FLCC Titanium cuts through the water during the 2016 World Club Crew Championships in Adelaide, Australia. SUBMITTED PHOTO

Chilliwack paddlers hope for dragon boat dominance in Hungary

A handful of locals are traveling to Europe for the 2018 World Club Crew Championships.

Seven Chilliwack athletes are heading to Hungary to compete in the International Dragon Boat Federation’s World Club Crew Championships.

The event runs July 17-22 in Szeged.

Jane Martens, Sheena Davidson, Leila Jensen and Gwen Simpson are paddlers on a 60-plus crew competing in the Senior C division.

Trichelle Chaisson serves as the boat’s drummer/caller.

Denise Carr is paddling in a 50-plus boat. The Fast & Furious will compete in the Senior B division, with Charlotte Hall serving as steerperson.

“This event happens every two years and involves teams who have already been paddling together,” Gwen Simpson said. “We paddle with the Fort Langley Canoe Club, with women from all over the Fraser Valley.”

Simpson’s team is the FLCC Titanium, coached by Ben Lee. The 50+ team is the FLCC Fast & Furious.

There was a qualifying process to get to Hungary with the teams traveling to Ontario for nationals last August and earning top five placement.

“In the Senior C division there are two teams from Ontario and three from British Columbia that will represent Canada,” Simpson said. “The toughest boats in the world are typically from Canada.”

FLCC Titanium has been together since 2013, slowly but surely building up to this point.

Simpson joined the team in 2015.

“Two years ago, our team (Titanium) went to the World Club Crew Championships in (Adelaide) Austalia,” Simpson said. “We ended up with two silver medals and a bronze and we’re hoping to do better this time.

“Some of the women on our boat were even at the 2014 World Club Crew Championships in Ravenna, Italy, but they didn’t win any medals.”

The team has a plan in place to improve their result, and it involves the Fast & Furious.

Step one is absolute discipline, with the team on the water at least three times a week, no matter what the weather.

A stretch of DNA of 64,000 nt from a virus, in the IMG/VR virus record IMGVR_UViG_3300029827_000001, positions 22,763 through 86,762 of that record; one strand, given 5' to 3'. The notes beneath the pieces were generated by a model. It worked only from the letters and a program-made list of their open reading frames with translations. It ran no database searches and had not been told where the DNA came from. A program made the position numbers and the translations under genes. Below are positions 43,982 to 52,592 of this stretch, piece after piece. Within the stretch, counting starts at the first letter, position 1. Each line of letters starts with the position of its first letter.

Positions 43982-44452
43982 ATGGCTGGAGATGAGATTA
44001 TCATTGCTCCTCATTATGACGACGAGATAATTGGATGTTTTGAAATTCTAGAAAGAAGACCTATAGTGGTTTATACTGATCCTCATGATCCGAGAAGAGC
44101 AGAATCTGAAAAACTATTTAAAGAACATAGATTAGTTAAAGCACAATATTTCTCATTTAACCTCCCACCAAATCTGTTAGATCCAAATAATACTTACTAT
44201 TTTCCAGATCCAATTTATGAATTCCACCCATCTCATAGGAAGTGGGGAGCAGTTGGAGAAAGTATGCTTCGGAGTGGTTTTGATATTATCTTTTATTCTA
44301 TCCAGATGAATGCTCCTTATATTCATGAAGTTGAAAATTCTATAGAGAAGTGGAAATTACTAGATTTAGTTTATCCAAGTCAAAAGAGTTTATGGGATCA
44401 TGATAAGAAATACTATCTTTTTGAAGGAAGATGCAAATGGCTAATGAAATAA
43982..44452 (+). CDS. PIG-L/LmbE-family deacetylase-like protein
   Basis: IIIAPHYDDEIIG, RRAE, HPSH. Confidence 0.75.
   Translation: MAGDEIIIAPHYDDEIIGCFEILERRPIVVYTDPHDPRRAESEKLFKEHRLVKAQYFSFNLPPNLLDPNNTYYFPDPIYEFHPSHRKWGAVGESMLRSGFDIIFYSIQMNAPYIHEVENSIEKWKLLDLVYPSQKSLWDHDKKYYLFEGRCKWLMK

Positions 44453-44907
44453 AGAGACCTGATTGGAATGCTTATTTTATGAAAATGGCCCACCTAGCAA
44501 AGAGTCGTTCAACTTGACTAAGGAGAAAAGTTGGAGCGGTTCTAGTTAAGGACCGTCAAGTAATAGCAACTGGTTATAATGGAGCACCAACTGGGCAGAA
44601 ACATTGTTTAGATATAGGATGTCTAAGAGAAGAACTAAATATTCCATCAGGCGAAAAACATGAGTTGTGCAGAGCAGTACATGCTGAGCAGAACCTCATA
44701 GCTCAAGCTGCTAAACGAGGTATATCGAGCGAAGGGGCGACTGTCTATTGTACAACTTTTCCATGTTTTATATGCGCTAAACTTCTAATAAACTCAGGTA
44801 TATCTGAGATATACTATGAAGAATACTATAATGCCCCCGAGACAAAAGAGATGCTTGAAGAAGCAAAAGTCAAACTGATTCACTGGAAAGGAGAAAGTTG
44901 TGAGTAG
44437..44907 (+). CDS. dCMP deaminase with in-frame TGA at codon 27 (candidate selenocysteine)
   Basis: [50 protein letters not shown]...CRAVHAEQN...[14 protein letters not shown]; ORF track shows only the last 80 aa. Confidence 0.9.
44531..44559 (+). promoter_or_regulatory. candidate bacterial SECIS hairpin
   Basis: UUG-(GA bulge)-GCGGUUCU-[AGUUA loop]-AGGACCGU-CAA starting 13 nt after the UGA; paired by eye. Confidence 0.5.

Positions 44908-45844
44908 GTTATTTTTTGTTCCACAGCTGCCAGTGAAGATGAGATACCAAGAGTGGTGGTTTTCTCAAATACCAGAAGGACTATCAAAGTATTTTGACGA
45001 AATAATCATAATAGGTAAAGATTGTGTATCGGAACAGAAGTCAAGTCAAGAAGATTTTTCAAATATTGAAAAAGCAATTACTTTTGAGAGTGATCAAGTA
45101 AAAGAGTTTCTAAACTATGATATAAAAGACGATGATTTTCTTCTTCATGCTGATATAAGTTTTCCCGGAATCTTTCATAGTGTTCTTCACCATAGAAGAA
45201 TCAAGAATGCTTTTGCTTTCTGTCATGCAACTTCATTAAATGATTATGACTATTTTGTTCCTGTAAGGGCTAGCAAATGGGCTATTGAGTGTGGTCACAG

“Rain. Cold. Whatever it was, we’ve been out there,” Simpson noted.

Then the strategy.

In 2016, a Titanium team used to being the frontrunner struggled when other boats kept pace. To get used to tight finishes, they’ve been racing Fast & Furious in training.

“When you’re one of the better teams in the local regattas, often you’re out in front,” Simpson said. “The one area where we failed in Australia was getting nervous when there was a boat right beside us.

“Practicing with our sister team has really made us focus on what is happening within our boat, and like any athletics that’s what it takes.

“Absolute focus.”

Dragon boating aside, Simpson called the experience in Australia “fabulous” and looks forward to more of the same in Hungary.

“I lived in England for 10 years, but many of our women haven’t been to that part of Europe before,” Simpson said. “Most of our team will continue traveling for a week or two after the event, but that comes later.

“People think because we’re older we’re not as focused as an Olympic-type team, but at this level you have to really work hard and be focused.

“We have a group of women who are mostly grandmothers ages 60 to 70-plus, and to see them so committed and working so hard is cool.”

Anyone who is interested in watching the FLCC teams in action can view live streams of the races online at sarkanyhajozas.hu/ccwc-live-stream

Keep in mind that the Hungarian time zone is nine hours ahead.

More info can be found at szeged2018.dragonboat.hu

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